This appendix describes environment variables and system properties that can be useful for troubleshooting problems with the Java HotSpot VM.
This appendix contains the following sections:
This variable indicates the directory where the Java Development Kit (JDK) software is installed.
In many environments the command line is not readily accessible to start the application with necessary command-line options.
This often arises with applications that use embedded VMs (meaning they use the Java Native Interface (JNI) Invocation API to start the VM), or where the startup is deeply nested in scripts. In these environments the
JAVA_TOOL_OPTIONS environment variable can be useful to augment a command line.
When this environment variable is set, the
JNI_CreateJavaVM function (in the JNI Invocation API) prepends the value of the environment variable to the options supplied in its
In some cases this option is disabled for security reasons (for example, on Oracle Solaris operating system this option is disabled when the effective user or group ID differs from the real ID).
This environment variable allows you to specify the initialization of tools, specifically the launching of native or Java programming language agents using the
This variable can also be used to augment the command line with other options for diagnostic purposes. For example, you can supply the
-XX:OnError option to specify a script or command to be executed when a fatal error occurs.
Since this environment variable is examined at the time the
JNI_CreateJavaVM function is called, it cannot be used to augment the command line with options that would normally be handled by the launcher, for example, VM selection using the
-client option or the
This system property controls whether the security system of the Java Runtime Environment (JRE) prints trace messages during execution.
This option can be useful when diagnosing an issue involving a security manager when a
SecurityException is thrown.
java.security.debug property can have the following values:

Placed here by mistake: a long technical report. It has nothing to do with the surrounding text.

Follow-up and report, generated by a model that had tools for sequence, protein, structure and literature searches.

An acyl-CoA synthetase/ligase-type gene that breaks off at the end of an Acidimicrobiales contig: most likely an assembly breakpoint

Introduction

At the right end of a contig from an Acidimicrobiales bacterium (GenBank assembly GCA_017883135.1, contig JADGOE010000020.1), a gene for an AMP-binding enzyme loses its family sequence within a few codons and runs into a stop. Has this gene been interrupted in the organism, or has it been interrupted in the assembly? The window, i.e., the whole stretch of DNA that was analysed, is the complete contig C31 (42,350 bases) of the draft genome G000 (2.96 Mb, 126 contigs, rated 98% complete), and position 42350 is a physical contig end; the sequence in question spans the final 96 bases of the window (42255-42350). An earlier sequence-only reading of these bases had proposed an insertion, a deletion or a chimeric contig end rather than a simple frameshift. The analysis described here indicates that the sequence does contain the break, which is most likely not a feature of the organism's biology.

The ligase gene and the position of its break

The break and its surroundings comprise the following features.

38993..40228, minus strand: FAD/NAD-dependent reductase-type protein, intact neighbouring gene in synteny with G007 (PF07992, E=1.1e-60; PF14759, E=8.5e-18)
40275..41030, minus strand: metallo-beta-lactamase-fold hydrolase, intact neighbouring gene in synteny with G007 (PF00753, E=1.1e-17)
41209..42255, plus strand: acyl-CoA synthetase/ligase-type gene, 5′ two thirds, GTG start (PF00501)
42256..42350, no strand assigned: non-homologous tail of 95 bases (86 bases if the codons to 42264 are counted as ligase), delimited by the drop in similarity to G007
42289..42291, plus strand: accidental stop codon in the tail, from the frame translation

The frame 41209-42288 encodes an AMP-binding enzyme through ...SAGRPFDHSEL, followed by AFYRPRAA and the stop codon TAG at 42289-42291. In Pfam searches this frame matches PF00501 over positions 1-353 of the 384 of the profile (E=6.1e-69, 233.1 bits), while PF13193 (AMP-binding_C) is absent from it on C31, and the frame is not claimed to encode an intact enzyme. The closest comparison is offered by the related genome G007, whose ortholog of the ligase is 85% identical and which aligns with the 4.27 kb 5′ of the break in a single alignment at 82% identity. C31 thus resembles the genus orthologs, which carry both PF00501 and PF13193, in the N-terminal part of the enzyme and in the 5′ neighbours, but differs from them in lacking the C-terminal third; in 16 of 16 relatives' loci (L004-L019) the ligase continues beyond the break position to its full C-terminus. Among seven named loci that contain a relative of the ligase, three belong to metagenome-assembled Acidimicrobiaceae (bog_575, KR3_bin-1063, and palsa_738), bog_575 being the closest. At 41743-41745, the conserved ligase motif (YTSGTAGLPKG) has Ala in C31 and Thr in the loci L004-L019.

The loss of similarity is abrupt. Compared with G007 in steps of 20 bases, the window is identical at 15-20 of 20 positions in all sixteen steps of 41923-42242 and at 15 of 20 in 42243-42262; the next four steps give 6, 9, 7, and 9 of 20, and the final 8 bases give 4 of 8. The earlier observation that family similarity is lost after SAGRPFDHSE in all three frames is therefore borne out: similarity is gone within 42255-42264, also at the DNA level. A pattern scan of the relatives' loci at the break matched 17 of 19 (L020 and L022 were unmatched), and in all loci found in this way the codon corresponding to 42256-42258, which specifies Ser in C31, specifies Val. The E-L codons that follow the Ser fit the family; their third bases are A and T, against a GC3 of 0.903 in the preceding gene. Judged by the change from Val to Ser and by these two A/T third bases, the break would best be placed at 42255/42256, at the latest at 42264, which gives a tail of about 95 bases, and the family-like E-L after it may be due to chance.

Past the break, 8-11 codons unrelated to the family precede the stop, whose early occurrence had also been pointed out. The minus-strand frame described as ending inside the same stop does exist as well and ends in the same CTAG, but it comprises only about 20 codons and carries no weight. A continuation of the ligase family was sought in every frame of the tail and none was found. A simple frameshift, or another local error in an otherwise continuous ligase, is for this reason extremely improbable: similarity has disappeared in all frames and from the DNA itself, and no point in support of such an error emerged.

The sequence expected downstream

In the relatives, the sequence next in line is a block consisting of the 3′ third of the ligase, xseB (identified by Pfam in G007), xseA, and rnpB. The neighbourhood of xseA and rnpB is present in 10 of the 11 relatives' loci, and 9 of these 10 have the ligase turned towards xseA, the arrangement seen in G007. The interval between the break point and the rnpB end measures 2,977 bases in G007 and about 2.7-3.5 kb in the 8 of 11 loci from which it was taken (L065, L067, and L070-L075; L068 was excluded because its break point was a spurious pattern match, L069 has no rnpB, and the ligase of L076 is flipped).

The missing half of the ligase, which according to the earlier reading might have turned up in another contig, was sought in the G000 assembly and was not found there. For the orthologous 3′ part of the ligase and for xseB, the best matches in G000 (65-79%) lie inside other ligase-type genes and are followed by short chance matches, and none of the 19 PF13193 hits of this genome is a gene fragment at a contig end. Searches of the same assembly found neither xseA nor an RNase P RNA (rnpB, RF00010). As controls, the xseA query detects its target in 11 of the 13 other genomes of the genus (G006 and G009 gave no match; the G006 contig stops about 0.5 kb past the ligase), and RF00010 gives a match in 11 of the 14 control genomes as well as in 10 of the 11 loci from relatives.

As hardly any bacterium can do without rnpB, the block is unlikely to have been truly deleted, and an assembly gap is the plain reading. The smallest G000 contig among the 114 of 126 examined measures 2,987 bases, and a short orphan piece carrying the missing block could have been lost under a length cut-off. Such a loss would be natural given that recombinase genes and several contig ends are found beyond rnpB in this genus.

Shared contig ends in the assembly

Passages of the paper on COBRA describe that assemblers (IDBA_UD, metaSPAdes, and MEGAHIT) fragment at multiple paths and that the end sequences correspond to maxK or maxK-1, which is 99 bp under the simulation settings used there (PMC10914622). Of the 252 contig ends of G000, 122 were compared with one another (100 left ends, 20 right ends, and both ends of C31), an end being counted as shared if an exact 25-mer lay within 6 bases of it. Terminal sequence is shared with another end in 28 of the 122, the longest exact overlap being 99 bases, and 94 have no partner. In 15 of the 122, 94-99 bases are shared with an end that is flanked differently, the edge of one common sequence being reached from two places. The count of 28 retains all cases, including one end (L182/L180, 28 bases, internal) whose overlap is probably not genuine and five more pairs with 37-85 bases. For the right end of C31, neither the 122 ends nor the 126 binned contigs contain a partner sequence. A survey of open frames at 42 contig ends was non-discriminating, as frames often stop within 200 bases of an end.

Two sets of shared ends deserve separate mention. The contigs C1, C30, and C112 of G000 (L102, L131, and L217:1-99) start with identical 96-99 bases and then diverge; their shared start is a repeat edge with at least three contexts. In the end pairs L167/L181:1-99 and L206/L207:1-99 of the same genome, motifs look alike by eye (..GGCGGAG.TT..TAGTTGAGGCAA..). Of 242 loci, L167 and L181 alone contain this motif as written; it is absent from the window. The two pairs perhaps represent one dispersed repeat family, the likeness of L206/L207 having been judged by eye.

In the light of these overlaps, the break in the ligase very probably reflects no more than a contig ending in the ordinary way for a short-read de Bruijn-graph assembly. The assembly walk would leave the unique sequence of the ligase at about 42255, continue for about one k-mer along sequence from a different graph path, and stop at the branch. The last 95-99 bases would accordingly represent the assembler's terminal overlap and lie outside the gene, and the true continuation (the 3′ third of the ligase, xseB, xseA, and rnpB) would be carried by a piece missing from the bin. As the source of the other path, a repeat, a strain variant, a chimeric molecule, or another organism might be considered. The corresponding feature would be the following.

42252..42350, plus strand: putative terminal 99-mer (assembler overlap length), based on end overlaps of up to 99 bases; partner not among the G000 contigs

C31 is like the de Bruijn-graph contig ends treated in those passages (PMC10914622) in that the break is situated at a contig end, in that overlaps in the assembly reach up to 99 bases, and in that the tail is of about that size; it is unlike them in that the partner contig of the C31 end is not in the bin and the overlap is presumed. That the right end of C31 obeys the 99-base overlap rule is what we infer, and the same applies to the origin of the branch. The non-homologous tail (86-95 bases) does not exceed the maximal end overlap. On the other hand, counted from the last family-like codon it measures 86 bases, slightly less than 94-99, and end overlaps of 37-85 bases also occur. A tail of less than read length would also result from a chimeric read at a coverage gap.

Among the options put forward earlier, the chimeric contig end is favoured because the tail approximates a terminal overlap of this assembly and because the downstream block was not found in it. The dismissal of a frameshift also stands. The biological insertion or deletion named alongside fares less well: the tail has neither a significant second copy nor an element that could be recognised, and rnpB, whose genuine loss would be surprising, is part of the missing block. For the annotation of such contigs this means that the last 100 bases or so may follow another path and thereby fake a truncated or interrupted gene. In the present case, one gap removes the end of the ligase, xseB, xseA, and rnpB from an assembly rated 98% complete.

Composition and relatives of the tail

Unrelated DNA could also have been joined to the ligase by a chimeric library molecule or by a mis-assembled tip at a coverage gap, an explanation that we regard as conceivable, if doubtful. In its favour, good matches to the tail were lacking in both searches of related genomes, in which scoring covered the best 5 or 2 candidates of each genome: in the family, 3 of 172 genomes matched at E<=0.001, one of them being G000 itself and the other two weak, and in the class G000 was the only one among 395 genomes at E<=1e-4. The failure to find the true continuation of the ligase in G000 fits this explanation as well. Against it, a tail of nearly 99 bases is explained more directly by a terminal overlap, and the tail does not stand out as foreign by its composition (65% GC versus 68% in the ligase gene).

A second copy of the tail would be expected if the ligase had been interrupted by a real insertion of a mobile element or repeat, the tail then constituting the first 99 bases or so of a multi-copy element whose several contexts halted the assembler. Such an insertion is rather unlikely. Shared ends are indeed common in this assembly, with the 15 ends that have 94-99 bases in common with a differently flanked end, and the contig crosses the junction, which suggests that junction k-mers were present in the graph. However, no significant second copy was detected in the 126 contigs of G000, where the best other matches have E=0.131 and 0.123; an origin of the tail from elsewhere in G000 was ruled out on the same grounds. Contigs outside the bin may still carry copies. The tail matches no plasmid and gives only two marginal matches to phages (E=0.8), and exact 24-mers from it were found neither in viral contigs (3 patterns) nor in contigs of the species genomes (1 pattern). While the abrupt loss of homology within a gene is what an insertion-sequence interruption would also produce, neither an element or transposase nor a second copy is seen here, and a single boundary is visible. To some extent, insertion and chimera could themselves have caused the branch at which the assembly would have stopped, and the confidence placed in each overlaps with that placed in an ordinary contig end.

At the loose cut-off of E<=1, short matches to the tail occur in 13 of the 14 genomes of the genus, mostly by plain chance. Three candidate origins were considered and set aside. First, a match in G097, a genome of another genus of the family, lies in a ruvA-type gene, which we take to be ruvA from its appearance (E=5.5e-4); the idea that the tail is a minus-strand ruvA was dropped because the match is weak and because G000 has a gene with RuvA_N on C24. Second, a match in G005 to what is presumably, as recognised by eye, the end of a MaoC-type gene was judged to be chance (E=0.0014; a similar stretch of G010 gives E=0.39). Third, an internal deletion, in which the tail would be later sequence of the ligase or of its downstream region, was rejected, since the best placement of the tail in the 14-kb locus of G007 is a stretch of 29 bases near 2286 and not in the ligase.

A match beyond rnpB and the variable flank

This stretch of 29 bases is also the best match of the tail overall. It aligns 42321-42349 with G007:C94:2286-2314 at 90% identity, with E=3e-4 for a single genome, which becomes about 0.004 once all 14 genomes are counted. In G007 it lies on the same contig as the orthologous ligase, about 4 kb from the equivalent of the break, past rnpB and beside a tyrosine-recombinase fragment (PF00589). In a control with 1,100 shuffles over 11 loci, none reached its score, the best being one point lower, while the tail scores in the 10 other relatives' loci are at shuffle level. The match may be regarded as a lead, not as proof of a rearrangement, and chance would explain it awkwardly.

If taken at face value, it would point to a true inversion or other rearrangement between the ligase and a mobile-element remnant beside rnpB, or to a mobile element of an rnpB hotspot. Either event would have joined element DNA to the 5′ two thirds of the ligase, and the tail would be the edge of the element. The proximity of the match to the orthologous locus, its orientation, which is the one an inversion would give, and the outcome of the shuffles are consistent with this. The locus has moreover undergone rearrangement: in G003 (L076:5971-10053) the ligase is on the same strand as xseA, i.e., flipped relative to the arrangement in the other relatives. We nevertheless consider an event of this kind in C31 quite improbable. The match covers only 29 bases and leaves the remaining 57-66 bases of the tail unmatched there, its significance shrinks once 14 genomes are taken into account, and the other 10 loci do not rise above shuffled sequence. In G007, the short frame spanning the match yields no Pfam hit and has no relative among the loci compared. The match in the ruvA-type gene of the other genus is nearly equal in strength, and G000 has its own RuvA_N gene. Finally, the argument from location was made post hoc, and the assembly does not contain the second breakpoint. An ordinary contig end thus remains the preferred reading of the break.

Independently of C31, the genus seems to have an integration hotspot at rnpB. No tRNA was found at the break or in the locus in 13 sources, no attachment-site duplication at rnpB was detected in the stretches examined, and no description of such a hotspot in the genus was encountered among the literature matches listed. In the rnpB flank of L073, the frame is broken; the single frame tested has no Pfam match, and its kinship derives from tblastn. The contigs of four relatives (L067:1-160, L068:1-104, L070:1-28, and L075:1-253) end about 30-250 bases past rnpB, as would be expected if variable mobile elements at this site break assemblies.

The following additional options can be specified with the
Include stack trace.
Dump all domains in context.
Before throwing an exception, dump the stack and domain that did not have permission.
Print JAR verification information.
Print permissions that
For example, to print all
checkPermission results and trace all domains in context, set the
java.security.debug property to
access,stack. To trace access failures, set the property to
The following example shows the output of a
$ java -Djava.security.debug="access,failure" MyApp access denied (java.net.SocketPermission server.foobar.com resolve ) java.lang.Exception: Stack trace at java.lang.Thread.dumpStack(Thread.java:1158) at java.security.AccessControlContext.checkPermission (AccessControlContext.java:253) at java.security.AccessController.checkPermission(AccessController.java:427) at java.lang.SecurityManager.checkPermission(SecurityManager.java:532) at java.lang.SecurityManager.checkConnect(SecurityManager.java:1031) at java.net.InetAddress.getAllByName0(InetAddress.java:1117) at java.net.InetAddress.getAllByName0(InetAddress.java:1098) at java.net.InetAddress.getAllByName(InetAddress.java:1061) at java.net.InetAddress.getByName(InetAddress.java:958) at java.net.InetSocketAddress.<init>(InetSocketAddress.java:124) at java.net.Socket.<init>(Socket.java:178) at MyApp.main(MyApp.java:7)
To know more on
java.security.debug system property, see Troubleshooting Security in the Java Platform, Standard Edition Security Developer's Guide.